The South African government’s plan to use a fleet of ship power plants to generate up to 2,500 megawatts of electricity has sparked controversy and resistance from various stakeholders.
The plan, announced in 2020, provides for the chartering of motor vessels from the Turkish company Karpowership for a period of 20 years. The ships would dock at three South African ports and generate electricity from liquefied natural gas. 카지노사이트
Environmentalists have expressed concern about the potential impact of ships on marine life, as well as emissions from LNG. Some have also questioned the plan’s cost-effectiveness, arguing that it could prove more expensive than other renewable energy sources.
The plan was also criticized by unions, who argued that it would lead to job losses in the energy sector.
They called for a broader and more sustainable energy plan that prioritizes renewable energy and local job creation.
The South African government defended the plan, arguing that it must address the country’s chronic energy shortage and reduce reliance on coal-fired power plants. The government has also stressed that the plan will create jobs and boost economic growth.
The controversy surrounding the board’s power plan is likely to continue in the coming months, with votes from players on both sides. Ultimately, the plan’s success will depend on its ability to provide a reliable and affordable source of electricity for South Africa while minimizing environmental impact and supporting local employment and economic growth. 온라인카지노사이트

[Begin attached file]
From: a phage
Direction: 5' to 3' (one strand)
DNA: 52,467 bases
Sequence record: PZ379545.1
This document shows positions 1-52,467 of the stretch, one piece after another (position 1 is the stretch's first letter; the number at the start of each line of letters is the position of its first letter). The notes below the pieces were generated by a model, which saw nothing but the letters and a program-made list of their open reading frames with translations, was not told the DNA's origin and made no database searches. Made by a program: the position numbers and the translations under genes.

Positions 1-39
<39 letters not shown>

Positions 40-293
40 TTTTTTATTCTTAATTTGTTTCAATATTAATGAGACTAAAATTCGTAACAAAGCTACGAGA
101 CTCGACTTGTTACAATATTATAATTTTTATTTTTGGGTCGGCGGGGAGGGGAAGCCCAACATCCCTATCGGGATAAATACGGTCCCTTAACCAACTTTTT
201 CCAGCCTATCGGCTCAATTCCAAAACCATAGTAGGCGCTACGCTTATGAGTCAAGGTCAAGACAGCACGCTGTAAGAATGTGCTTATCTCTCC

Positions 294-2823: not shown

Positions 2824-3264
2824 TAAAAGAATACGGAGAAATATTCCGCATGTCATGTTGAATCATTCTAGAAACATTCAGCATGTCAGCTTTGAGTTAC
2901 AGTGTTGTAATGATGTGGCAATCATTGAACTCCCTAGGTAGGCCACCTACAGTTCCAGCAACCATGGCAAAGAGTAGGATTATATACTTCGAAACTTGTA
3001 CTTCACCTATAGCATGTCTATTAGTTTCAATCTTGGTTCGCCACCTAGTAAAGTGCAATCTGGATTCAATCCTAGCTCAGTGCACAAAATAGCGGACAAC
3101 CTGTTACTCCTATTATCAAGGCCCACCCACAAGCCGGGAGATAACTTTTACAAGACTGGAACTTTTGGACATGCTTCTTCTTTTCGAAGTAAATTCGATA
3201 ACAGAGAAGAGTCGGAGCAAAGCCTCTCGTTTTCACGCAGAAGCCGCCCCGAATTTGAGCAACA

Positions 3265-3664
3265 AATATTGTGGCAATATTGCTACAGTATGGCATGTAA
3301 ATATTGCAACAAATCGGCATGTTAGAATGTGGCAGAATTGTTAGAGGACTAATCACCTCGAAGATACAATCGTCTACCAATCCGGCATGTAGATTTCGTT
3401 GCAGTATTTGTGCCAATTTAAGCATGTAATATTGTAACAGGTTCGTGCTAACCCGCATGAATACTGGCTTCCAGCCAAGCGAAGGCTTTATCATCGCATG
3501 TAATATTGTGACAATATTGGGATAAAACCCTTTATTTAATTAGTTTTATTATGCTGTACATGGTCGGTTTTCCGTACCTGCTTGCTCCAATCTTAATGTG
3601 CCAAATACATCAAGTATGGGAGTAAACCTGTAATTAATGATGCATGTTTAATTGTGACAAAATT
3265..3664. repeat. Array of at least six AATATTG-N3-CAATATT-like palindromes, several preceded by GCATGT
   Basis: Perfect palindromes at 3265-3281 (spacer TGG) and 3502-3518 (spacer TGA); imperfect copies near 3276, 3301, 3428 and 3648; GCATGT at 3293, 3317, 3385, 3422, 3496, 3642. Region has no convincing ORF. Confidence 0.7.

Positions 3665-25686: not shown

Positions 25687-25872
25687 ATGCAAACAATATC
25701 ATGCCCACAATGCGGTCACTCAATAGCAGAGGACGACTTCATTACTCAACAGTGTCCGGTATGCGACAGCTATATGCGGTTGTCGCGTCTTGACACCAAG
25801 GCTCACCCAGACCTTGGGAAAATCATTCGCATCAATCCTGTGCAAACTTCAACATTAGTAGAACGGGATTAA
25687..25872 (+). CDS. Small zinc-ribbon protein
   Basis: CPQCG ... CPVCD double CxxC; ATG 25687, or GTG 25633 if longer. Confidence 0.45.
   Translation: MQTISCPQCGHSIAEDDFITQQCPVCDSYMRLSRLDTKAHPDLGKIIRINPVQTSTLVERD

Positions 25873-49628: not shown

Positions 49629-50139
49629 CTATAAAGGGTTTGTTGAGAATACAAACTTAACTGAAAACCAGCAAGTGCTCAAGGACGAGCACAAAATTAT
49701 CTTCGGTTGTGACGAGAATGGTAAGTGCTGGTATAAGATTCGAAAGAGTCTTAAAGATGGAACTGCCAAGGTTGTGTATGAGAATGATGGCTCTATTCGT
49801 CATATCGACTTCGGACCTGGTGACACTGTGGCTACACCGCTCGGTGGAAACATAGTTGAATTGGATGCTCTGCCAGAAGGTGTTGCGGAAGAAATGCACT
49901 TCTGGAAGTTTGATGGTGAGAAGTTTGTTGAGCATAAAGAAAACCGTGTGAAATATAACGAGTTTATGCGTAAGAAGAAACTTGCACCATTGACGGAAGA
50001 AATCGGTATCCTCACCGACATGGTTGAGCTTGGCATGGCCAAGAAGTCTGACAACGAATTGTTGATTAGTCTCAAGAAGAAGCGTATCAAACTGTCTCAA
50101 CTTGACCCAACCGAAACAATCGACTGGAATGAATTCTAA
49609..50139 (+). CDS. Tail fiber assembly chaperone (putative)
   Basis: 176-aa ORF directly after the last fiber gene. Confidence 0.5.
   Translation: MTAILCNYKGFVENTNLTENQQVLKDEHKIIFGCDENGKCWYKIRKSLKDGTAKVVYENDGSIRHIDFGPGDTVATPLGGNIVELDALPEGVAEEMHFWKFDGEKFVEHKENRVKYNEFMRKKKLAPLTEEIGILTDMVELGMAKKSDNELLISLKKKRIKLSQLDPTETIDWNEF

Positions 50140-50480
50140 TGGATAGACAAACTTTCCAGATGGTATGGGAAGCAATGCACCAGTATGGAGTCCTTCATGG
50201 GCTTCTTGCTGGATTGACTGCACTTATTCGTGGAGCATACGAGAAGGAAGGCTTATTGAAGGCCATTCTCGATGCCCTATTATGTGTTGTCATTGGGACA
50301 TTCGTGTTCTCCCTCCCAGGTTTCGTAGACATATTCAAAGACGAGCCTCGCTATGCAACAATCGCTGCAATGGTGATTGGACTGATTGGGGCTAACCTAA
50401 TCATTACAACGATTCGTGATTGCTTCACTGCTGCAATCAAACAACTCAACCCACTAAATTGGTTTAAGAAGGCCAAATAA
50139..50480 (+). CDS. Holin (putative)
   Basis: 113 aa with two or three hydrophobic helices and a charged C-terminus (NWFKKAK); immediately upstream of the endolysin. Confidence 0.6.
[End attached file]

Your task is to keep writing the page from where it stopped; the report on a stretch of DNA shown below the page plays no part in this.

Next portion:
Hacking Africa’s next tech geniuses
With nine out of ten new jobs expected to require digital skills by 2030, Africa’s college graduates – and especially young women – will be left behind without an ICT education. Nigerian computer scientist Unoma Okorafor is trying to change that.
In this week’s Africa Science Focus, we will discover how the Working to Advance African Women Foundation is equipping girls with the science and technology skills of the future through hackathons, mentoring programs and a planned network of academies. that will empower the next generation of tech geniuses and thought leaders on the continent.
Technology transfer boosts Africa’s fight against COVID-19
Six African countries will receive technology that will enable them to manufacture COVID-19 vaccines in a bid to reduce dependence on the continent’s outside manufacturers, the World Health Organization (WHO) has announced.
Egypt, Kenya, Nigeria, Senegal, South Africa and Tunisia will have access to messenger RNA (mRNA) vaccine technology, as well as the knowledge needed to produce vaccines and support the training of scientists, WHO said.
The launch is part of a global initiative to improve access for low- and middle-income countries to large-scale production of mRNA vaccines in accordance with international standards to help contain the COVID-19 pandemic. 바카라사이트